I think there is a serious point here. The statement that “it’s not about intellect” really sums up the difference between the traditional and the contemporary faiths. The first was about revealed truth and objective standards. In the sexual matters, for instance, this means abstaining from any sex other than life-long marriage. There was always the understanding that some people will be unable to meet this standard. That’s what repentance and forgiveness are about. But the standard holds even in the failure to meet it. On the other hand, the contemporary religion is about feelings. In this view, if a person feels that it’s right for him to have relations with a member of the same sex, and if that feeling is essential, in his view, to his emotional well-being, then the contemporary faith accepts the feelings as truth. It is not about intellect; it’s about feelings.

  12. samh says:


    The class may be fascinating, but is it appropriate for a New Testament class to be taught by someone who clearly doesn’t believe the New Testament is telling the truth?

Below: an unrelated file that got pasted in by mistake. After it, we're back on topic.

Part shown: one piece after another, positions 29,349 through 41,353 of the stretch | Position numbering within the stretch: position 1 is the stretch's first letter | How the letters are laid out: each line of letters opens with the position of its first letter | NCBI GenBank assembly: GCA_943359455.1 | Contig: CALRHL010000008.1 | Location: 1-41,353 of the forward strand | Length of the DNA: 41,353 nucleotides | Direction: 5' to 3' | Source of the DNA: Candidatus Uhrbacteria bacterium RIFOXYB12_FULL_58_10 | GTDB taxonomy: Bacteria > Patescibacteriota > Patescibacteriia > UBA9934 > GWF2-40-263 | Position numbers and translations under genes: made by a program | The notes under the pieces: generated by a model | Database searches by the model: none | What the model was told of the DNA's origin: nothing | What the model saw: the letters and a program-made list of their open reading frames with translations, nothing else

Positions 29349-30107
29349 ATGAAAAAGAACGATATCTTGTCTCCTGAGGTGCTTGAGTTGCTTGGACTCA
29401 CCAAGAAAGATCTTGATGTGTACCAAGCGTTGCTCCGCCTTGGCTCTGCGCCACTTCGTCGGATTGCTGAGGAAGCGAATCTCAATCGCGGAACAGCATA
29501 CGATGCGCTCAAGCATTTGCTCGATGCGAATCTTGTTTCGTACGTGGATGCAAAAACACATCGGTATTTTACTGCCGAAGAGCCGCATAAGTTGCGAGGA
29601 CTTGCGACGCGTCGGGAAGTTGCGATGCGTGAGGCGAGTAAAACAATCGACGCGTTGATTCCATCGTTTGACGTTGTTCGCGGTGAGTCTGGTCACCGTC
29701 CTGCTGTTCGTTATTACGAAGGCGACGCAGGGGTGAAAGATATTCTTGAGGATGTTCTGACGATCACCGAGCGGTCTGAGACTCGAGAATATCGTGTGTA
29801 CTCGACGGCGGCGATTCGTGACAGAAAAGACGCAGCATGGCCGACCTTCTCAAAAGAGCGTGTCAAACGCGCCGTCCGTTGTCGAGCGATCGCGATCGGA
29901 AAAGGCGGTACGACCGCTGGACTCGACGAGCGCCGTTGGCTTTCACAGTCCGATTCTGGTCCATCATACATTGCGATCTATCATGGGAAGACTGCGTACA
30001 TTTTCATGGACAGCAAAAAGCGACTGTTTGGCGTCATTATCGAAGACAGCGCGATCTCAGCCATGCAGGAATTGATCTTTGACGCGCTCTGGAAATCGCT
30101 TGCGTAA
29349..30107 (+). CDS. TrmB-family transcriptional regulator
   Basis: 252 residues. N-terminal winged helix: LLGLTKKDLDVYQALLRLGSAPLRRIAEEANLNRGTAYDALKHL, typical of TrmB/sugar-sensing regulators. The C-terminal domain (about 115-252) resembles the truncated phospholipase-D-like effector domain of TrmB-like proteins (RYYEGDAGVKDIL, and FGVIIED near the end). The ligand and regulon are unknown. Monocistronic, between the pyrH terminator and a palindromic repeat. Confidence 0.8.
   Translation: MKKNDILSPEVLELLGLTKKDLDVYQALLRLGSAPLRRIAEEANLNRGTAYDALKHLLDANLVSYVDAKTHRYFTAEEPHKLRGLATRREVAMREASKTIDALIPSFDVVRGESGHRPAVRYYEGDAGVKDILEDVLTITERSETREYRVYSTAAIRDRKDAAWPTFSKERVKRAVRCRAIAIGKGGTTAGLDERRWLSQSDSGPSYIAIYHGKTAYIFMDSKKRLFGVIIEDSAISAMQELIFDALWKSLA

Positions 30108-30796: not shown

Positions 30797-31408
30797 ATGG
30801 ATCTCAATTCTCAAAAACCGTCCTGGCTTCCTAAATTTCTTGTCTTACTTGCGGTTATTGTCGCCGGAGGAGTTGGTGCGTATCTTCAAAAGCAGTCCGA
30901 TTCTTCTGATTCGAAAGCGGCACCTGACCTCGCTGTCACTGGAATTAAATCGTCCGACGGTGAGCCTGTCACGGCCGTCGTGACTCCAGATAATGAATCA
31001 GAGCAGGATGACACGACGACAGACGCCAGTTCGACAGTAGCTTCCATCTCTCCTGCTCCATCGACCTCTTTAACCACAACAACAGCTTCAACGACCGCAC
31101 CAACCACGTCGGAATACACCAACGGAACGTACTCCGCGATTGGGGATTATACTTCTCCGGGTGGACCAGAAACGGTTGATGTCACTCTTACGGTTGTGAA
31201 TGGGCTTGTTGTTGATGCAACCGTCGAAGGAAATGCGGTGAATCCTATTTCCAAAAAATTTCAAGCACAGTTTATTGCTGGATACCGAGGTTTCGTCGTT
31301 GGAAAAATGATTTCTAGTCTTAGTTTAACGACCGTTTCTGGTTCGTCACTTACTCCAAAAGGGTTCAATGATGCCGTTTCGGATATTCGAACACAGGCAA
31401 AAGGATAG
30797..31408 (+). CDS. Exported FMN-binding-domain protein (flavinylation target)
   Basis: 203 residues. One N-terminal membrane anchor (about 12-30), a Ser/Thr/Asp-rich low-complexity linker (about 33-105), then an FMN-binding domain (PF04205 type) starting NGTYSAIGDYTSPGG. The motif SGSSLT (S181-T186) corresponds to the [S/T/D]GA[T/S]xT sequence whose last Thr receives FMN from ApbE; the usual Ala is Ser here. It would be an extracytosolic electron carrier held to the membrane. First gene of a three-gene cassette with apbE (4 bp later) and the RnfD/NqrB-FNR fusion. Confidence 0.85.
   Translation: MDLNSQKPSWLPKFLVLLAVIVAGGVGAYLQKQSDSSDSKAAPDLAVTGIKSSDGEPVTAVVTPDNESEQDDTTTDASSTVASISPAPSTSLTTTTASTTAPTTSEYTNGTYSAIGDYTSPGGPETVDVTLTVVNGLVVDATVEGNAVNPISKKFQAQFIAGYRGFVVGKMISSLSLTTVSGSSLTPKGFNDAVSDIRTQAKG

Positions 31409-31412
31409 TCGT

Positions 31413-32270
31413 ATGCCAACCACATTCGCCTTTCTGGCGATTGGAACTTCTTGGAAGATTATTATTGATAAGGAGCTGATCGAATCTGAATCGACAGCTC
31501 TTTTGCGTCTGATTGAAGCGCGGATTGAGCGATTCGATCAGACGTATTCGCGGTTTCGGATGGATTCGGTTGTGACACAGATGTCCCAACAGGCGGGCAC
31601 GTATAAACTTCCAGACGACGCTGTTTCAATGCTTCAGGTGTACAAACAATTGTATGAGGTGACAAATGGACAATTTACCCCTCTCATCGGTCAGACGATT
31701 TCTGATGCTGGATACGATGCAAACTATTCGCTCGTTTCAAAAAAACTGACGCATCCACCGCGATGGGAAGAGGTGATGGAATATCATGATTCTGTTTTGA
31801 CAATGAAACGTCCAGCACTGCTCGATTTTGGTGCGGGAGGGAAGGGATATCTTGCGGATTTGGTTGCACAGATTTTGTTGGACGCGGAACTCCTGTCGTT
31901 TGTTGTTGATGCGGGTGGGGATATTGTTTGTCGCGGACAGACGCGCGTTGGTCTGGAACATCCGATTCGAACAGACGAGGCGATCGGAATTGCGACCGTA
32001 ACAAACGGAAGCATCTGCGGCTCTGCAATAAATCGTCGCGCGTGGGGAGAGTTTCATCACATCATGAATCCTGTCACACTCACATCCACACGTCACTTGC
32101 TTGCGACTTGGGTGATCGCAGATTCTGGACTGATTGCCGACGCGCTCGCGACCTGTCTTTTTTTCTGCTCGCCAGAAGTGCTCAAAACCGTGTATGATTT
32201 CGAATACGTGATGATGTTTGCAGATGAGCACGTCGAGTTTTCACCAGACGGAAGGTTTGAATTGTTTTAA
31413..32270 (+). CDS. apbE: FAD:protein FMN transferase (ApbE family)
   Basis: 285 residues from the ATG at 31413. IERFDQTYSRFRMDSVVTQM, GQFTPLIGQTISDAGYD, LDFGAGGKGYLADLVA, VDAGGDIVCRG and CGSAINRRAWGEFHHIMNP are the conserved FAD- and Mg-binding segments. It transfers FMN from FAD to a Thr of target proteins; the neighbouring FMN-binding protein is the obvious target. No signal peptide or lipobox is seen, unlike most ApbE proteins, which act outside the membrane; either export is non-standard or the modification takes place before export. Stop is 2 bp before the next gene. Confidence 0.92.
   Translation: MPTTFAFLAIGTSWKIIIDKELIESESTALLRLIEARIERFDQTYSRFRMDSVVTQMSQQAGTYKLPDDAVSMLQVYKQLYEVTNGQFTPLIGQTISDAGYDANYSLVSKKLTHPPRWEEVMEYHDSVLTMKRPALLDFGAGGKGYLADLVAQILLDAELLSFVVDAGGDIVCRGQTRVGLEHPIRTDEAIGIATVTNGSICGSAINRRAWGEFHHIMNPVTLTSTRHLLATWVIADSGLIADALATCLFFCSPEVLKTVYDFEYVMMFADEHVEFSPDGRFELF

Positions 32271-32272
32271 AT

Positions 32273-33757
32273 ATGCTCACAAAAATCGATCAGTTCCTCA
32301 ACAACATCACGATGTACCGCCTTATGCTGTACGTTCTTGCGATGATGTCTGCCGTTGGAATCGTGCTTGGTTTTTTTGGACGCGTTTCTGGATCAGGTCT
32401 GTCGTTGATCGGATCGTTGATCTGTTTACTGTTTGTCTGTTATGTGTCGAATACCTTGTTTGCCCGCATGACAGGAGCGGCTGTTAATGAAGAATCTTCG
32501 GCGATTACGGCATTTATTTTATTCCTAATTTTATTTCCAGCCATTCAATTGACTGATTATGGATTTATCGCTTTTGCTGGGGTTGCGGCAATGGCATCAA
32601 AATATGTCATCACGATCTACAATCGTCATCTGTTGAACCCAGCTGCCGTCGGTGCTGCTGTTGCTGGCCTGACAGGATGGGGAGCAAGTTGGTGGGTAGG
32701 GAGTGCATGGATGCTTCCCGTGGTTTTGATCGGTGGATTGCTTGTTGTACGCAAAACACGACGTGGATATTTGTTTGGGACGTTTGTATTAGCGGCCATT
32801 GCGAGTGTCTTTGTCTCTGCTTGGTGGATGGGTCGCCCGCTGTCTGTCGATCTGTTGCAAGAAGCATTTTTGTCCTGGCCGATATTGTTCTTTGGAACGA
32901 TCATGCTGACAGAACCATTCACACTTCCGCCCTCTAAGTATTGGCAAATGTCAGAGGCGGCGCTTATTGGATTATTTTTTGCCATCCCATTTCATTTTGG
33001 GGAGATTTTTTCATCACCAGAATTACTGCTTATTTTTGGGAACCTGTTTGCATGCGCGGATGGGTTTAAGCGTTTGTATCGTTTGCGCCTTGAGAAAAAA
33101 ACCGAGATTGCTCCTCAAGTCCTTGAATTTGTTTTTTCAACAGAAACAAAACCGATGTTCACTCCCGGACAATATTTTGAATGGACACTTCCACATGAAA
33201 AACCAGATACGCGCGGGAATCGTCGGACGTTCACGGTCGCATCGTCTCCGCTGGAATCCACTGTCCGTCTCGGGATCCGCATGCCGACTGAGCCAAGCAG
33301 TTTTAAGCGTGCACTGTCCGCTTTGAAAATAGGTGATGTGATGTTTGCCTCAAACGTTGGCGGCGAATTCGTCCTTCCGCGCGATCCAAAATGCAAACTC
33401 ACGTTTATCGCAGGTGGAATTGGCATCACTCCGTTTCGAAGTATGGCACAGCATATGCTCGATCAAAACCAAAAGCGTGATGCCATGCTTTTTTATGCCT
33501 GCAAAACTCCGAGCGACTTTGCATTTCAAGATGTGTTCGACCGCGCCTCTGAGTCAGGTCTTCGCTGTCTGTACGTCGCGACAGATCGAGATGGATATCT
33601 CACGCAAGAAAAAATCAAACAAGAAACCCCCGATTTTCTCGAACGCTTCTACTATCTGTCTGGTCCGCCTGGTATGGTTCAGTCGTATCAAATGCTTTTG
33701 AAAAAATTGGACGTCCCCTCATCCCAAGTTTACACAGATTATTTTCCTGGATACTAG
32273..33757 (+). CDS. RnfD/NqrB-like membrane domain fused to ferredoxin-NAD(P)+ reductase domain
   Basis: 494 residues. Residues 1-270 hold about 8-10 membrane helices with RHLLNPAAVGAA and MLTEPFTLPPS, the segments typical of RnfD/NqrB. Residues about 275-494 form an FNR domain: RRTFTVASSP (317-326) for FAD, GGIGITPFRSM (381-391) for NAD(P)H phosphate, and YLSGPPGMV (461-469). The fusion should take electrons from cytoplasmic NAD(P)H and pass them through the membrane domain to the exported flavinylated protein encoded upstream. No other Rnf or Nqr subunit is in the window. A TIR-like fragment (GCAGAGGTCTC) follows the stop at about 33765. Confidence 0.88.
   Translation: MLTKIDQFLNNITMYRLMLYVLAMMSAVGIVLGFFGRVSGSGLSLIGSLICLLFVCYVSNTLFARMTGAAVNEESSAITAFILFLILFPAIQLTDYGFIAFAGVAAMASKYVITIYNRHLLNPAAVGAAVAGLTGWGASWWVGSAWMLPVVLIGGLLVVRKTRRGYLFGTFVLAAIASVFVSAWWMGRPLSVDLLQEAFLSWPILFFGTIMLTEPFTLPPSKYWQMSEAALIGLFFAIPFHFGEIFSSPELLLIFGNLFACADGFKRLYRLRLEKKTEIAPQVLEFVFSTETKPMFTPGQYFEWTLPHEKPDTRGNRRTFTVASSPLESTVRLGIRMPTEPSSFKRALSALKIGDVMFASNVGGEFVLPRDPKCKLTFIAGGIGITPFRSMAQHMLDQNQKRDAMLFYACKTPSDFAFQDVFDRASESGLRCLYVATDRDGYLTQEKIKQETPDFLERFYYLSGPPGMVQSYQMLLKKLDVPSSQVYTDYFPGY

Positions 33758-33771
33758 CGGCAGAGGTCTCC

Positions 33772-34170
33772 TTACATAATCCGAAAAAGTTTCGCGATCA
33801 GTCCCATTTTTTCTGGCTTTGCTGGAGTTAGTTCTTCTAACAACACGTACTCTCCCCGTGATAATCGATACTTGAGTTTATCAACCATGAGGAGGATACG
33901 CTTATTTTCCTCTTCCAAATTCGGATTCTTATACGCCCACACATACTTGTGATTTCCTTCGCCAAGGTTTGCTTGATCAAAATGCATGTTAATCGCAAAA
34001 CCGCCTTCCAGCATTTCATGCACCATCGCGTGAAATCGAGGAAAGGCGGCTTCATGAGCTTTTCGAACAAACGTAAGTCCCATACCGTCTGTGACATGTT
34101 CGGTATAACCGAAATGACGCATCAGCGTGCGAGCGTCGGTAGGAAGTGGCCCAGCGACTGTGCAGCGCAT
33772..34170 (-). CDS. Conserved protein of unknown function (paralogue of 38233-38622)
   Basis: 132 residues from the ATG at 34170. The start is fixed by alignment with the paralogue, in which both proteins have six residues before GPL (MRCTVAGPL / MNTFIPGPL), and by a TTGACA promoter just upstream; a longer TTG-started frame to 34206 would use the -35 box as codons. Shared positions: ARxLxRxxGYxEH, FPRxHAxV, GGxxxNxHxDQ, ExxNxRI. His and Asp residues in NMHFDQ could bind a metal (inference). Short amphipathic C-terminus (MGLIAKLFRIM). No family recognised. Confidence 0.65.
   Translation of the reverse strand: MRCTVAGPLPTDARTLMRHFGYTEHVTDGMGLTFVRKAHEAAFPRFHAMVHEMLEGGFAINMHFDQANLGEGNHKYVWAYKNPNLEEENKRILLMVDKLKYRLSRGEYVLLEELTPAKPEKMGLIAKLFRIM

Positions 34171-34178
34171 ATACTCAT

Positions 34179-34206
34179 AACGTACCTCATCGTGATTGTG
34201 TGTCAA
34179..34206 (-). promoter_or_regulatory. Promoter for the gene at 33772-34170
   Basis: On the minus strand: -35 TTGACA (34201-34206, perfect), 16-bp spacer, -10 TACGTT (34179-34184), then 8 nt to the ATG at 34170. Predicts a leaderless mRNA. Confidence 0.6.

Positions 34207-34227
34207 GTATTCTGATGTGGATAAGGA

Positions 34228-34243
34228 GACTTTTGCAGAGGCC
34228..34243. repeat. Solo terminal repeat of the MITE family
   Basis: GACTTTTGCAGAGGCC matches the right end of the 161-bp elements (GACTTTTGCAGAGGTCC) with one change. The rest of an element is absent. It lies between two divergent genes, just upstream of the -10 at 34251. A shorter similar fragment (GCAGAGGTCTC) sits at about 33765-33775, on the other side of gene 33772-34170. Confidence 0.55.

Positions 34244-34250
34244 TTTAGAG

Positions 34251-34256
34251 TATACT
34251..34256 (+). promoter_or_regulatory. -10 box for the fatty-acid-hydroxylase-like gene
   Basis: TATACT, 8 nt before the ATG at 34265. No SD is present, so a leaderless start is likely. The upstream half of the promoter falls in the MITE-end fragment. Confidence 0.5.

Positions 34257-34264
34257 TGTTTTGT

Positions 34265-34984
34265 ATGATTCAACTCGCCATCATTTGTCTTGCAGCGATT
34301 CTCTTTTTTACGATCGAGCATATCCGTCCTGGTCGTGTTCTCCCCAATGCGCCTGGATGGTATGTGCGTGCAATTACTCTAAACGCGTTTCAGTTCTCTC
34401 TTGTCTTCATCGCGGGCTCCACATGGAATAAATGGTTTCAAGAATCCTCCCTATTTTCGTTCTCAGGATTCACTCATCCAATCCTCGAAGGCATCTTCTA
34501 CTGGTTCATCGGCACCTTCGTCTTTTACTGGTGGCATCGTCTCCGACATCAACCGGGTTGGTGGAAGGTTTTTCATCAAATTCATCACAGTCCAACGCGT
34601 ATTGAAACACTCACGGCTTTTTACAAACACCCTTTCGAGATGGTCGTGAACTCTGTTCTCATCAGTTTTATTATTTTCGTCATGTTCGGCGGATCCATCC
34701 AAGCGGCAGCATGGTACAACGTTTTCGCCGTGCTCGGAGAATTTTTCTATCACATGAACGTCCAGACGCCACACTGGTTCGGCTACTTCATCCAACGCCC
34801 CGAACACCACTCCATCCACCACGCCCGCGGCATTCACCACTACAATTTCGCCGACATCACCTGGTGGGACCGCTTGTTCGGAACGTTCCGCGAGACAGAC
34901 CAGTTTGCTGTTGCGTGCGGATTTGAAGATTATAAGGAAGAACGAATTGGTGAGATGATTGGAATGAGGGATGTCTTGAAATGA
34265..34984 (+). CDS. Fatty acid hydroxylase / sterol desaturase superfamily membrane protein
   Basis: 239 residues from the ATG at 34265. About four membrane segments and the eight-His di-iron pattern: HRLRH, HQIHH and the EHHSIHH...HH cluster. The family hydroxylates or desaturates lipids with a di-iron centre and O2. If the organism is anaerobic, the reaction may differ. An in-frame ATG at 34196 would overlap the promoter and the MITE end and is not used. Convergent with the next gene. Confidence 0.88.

13. John A. says:

    Ross, what text book(s) or other material are you using in your class?

  14. Sherri says:

    William Sulik (#6), thanks for that (painful) chuckle.

  15. dwstroudmd+ says:

    God, bless Kendall and William and Mark. I needed the laughs! Love, DAVID

  16. Larry Morse says:

    I like Katharine’s entry here, for this subject needs to be explored more carefully than it has been. Can we have, for instance, a religion whose basis is individual feelings? Is it possible to assume that our emotional intuition is superior to the intellect because it is more nearly an infallible guide to the emotional life we want to lead? Is the intellect ever a guide to the emotional life we want to lead? Is not the very heart of Christianity a matter of “feelings,” our emotional state? Is it the case that we can trust our intellect when we cannot trust our feelings? Or is it that our feelings are always untrustworthy because they arise from so far inside ourselves, our only choice is to trust them completely or deny them completely? Will not fudging the previous dichotomy merely produce intractable contradictions, irresolvable tensions?